Gabriel Goldschmidt and Alejandro Silva from the International Finance Corporation (IFC) speak with Christopher Cooper about their activity in Latin America
A refined energy sector is on the agenda for much of Latin America. In December, the IFC was part of a group that invested nearly $400 million into Colombia’s energy sector. How does this type of transaction fit in the institution’s regional strategy?
GG: This $380 million investment in Colombia is related to a core terminal that is a liquids terminal for export and import of oil and derivatives. The transactions fits our regional strategy because it is related to the overall infrastructure strategy aimed at removing impediments for growth and reducing logistics problems. That’s the main driver of the infrastructure strategy in general but it is particularly true for transport infrastructure. So, this port terminal serves those two strategic aims. Most of the transport projects in Latin America fit the strategy of removing logistic problems. Other investments in the port sector largely relate to container terminals and in most cases multipurpose terminals in countries such as Brazil, Mexico, Peru and Colombia. They relate to investments in the airport sector and investments related to facilitating the movements of goods and services.
One gets the impression that you and your colleagues have made financing energy and infrastructure projects in the region a top priority.
As a development institution, growth and the twin goals of the World Bank, which are eliminating extreme poverty and boosting shared prosperity are directly related to the availability and quality of infrastructure. Therefore, investing in energy-related infrastructure is critical for countries to ensure sustainable growth, which is fundamental to eliminating poverty and boosting shared prosperity.
Which country in the region do you think is most dedicated to financing energy and infrastructure?
It depends on the opportunities that arise. As you know, the IFC focuses on the private sector, so we basically benefit from what others develop in terms of project preparation and then we look at the opportunities in the context of our strategy. We are very much takers when it comes to investment opportunities. In Mexico, in line with the energy reform, clearly private participation in the energy space is something that is now more broadly open than it was in the past and will clearly provide interesting opportunities. This is also an area we are keen to support. Most countries have a need to catch-up, so there is no particular country where we are trying to do something that is not doable. But, every country needs to push the envelope. It’s important to remember that the IFC finances private sector activity and there is more to infrastructure investments than the private sector’s activities. So, countries have choices between private and public sector investments and they do exercise those choices. Ultimately, what matters from the perspective of a development institution is that more and better infrastructure is on the ground the more that population benefits from its direct and indirect impact. So, that’s what really matters.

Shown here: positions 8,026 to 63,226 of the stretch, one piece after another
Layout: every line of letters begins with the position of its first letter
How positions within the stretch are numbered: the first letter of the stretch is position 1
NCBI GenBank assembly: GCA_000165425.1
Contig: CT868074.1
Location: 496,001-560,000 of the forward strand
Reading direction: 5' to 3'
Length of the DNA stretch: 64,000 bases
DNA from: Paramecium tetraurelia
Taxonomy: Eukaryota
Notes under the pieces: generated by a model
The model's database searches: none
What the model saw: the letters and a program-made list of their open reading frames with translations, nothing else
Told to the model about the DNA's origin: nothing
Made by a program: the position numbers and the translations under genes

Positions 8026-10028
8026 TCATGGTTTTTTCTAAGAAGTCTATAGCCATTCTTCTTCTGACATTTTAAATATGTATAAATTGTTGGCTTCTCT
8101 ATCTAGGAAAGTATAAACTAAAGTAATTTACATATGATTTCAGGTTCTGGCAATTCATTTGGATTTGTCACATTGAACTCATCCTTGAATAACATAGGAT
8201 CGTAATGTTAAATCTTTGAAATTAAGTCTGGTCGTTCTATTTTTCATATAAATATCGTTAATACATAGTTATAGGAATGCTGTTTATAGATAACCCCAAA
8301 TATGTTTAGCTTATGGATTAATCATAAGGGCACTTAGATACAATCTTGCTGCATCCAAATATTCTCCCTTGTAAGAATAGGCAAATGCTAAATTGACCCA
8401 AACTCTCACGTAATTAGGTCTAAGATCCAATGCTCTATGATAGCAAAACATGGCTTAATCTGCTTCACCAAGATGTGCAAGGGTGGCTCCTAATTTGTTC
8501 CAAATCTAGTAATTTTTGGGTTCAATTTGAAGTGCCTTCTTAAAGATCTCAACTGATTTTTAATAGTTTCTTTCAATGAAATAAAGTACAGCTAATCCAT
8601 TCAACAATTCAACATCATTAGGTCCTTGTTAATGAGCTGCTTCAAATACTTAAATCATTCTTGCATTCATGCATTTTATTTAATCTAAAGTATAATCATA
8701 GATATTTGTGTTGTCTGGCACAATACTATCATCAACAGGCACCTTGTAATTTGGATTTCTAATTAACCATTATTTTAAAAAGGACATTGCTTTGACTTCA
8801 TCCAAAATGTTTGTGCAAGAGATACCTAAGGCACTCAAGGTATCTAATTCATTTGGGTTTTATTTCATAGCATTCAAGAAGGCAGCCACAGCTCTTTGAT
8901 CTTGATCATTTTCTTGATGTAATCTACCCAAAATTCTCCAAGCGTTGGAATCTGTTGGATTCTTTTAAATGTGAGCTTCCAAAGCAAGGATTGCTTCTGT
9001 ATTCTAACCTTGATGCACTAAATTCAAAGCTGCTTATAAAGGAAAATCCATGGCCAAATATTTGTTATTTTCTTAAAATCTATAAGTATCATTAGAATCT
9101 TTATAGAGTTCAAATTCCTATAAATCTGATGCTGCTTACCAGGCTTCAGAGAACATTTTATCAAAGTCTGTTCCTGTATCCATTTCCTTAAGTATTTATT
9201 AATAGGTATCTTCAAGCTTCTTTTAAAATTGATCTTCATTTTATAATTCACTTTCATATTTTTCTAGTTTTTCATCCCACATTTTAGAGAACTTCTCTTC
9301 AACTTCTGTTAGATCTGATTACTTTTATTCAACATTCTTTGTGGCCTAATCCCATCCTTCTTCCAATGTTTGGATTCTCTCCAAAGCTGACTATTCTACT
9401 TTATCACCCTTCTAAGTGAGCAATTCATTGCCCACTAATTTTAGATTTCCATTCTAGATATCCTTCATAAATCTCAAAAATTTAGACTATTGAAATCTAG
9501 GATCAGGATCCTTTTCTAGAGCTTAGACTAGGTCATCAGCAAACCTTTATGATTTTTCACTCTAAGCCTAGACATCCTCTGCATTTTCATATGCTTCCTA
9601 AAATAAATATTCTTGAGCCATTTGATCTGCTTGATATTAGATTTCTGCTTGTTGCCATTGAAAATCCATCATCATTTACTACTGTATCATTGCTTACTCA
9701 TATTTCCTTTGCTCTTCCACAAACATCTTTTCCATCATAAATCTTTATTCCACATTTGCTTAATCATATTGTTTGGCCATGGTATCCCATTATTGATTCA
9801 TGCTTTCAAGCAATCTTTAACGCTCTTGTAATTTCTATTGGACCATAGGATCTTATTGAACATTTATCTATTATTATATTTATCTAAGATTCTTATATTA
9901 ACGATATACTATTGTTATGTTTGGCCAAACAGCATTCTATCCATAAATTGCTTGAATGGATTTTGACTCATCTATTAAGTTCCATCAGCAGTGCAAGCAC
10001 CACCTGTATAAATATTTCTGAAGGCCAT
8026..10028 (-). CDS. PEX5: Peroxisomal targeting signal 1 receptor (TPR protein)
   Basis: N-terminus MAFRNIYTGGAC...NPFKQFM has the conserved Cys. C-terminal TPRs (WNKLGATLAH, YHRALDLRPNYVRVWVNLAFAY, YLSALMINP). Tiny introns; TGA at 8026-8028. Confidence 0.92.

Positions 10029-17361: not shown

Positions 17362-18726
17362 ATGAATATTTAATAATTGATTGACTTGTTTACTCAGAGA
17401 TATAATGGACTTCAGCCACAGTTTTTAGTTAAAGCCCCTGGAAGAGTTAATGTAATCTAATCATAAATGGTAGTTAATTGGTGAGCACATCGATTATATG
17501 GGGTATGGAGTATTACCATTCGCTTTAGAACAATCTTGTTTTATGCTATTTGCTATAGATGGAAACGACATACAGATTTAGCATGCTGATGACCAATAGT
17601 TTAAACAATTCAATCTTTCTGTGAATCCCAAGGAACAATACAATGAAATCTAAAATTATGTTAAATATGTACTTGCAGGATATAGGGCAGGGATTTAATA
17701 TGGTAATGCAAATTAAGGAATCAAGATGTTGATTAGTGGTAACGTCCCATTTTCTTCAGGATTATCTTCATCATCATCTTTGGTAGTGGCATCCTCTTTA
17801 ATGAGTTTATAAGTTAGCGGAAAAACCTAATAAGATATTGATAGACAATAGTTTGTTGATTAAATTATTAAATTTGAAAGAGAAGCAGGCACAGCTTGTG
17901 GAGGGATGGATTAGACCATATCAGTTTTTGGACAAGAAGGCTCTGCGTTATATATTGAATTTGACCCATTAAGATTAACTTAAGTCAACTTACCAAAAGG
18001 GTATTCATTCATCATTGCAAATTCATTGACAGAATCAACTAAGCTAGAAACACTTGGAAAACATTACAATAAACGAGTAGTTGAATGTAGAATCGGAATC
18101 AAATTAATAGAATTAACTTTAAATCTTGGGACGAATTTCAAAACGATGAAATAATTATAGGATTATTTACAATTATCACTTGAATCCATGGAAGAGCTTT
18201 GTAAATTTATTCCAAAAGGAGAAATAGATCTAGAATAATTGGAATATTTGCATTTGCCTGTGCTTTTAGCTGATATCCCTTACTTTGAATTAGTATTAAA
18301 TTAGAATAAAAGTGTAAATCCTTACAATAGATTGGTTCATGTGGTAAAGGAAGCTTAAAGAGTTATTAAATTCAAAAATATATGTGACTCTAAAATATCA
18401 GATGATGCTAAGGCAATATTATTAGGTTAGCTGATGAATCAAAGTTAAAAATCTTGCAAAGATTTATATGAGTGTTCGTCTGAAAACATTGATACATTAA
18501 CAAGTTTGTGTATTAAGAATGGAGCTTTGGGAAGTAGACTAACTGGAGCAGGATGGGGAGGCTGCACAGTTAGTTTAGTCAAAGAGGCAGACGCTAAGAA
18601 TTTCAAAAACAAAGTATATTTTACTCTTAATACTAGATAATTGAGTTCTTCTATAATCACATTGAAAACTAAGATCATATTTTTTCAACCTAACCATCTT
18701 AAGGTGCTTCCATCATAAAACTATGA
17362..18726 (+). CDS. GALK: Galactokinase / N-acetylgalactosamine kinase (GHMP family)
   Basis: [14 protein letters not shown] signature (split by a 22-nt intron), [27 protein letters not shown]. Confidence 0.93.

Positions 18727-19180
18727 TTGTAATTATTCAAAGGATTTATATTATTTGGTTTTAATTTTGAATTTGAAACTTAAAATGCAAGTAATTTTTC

What are the most challenging aspects of developing Latin America’s energy and infrastructure market?
The challenges relate to the ability to generate projects that attract private sector investments. It is clear that the region needs to invest more in infrastructure than what it is currently investing. The key question as countries look at this challenge is, “What is the ability of the local or international private sectors to generate attractive opportunities for investments that are aligned with countries’ national strategies?” This is what I think is the most important challenge.
You’ve spent quite some time at the IFC dealing with infrastructure development in Latin America and the Caribbean. How has the region evolved?
The quality and quantity of opportunities available today to investors in Latin America’s energy and infrastructure is significantly better than what it was a decade ago. This is because of a number of factors including regulatory changes and technological advances. For example, Mexico undertook regulatory reforms to welcome private investors in its energy and infrasturcure sectors. On the other hand, technology changes, particularly in the area of renewable energy and in the oil and gas sector, have allowed the region to be more up-to-date. Technology advancement in the oil and gas sector has improved the potential that shale has to develop. So, the quality and quantity and breadth of opportunities today is significantly larger than it was 10 years ago.
What do you see happening in Latin America in the next five years? What do you hope to accomplish?